DENVER -- A woman who says a University of Colorado aide
paid her former escort service thousands of dollars walked into a
grand jury room Friday, the first indication criminal charges could
be looming in the school's sordid recruiting scandal.
Pasha Cowan and her attorney said nothing to reporters before
they entered the courtroom.
Cowan is a former manager of the Best Variety escort service,
which was allegedly hired to perform at a Boulder-area hotel where
Colorado football recruits are often housed during campus visits
Attorney General Ken Salazar, at the governor's request, is
investigating whether criminal charges are warranted in a scandal
that includes allegations of sexual assault and questions about the
use of university funds. Ken Lane, a spokesman for the attorney
general, refused to say whether a grand jury had been convened.
A criminal investigation would mean the scandal is at a pivotal
stage. Last week, Salazar said no charges were warranted in any of
nine alleged sexual assaults by football players or recruits,
citing evidentiary concerns and the reluctance of the women to
press the cases.
And this week, a Board of Regents investigative commission
accused university officials of failing to oversee the athletics
department but concluded they did not condone any misconduct. Some
commission members complained they lacked the subpoena power
necessary to get the answers they were looking for.
The commission instead urged the attorney general to look into
the activities of Nathan Maxcey, a Colorado recruiting
aide from June 2002 to July 2003.
According to the commission, three call girls for Best Variety
say Maxcey paid them at least $2,000 in cash over a 45-day period
"and arranged sex for other young men" at a hotel in Broomfield,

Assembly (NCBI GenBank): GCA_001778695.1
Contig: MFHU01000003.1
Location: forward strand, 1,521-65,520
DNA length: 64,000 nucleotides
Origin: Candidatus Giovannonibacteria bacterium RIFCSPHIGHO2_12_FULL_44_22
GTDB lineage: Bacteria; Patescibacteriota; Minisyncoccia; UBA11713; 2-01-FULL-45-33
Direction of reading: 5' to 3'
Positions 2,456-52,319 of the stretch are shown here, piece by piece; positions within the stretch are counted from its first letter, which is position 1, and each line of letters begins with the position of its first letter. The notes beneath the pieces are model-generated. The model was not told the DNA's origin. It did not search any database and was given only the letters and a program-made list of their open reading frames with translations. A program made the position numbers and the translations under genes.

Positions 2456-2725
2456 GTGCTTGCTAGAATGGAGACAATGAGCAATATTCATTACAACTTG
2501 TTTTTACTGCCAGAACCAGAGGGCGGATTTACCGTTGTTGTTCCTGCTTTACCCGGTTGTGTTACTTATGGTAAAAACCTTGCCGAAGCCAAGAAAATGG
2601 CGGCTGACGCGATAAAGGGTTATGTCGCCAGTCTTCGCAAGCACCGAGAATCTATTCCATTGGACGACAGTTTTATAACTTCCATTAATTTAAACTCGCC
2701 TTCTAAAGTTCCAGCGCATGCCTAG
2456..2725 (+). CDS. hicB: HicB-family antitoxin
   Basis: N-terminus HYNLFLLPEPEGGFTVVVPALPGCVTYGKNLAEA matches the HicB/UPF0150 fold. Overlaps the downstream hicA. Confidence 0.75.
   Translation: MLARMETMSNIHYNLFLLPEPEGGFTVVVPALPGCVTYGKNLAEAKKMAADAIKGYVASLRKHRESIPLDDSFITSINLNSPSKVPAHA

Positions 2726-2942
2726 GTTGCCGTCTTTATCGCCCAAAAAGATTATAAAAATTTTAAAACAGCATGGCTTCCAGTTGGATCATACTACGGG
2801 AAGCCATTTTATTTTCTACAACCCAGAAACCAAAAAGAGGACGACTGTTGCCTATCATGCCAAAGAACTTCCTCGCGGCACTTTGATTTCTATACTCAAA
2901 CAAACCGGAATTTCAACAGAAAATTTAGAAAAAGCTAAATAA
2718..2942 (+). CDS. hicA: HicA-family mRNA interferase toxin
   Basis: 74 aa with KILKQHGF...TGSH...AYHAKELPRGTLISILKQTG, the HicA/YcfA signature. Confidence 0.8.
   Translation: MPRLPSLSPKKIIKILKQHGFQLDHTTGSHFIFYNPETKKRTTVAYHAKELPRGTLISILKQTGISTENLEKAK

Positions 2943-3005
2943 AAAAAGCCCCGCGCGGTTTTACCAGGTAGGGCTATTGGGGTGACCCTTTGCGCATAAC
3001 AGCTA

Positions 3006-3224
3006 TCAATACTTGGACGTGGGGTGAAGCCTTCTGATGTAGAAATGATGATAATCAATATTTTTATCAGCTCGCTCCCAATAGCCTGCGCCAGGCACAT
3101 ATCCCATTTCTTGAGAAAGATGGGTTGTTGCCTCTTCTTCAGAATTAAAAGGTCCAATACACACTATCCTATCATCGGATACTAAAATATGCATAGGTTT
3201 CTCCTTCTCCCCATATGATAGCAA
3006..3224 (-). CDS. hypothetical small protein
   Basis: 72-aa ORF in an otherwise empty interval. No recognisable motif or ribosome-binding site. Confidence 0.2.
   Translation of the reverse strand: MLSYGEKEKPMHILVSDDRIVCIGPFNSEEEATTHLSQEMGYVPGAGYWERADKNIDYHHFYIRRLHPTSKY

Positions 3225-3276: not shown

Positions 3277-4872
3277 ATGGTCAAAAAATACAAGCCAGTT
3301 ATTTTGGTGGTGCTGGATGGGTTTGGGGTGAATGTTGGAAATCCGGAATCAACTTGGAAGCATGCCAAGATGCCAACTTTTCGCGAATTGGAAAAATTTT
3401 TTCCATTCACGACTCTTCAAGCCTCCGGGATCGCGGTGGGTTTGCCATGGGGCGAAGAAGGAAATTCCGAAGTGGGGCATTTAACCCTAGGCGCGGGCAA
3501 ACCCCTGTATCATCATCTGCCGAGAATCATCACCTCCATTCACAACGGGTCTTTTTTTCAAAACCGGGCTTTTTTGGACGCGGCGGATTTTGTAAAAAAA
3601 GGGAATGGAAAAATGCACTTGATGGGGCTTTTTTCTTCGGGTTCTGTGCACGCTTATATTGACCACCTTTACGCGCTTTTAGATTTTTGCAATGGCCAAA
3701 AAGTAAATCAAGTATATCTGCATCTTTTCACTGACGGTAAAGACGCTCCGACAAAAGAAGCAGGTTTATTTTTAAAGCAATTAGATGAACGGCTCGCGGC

Maxcey's duties included picking up recruits and checking them
in at the hotel. Maxcey, who could not immediately be located for
comment Friday, has repeatedly denied hiring escorts for players or
recruits, saying any liaisons were for him.
A recent university audit found that Maxcey made nearly $1,200
worth of calls to an escort service and a chat line from his
school-issued cell phone. He has repaid the university about $900.
According to the commission, the university provides a
$30-per-day entertainment stipend to player-hosts for unstructured
activities such as movies or bowling.
Director of football operations David Hansburg in February said
Cowan told him about Maxcey's sexual liaisons during a call asking
him for a job. According to Hansburg, Cowan said, "I'm not trying
to blackmail you."
That same month, Steven Lower, president of Hardbodies Entertainment Inc., of Denver, said athletes at Colorado and universities around the country had been paying its strippers to entertain recruits for years. At the time, Lower said his strippers had been hired for Colorado recruits as recently as two weeks earlier.
On Friday, Lower said he was told by the regents' commission he
would probably be subpoenaed in a grand jury investigation. Lower
said investigators are interested in who paid for strippers at
parties for football recruits.
"The coaches didn't pay for this, it didn't come from anything
but just the guys pooling their money together," Lower said. "I
think after 20 years, I can figure that out. You put 20 guys in a
room and it's not hard to come up with $250. You can come up with
what you need, whether it's food or strippers."
University President Elizabeth Hoffman is reviewing the
commission report and plans to make recommendations to the regents
by the end of the month. She is expected to decide on the future of
football coach Gary Barnett, who has been suspended since Feb. 18
for remarks he made about two of the alleged assault victims.
The university is also conducting a separate, internal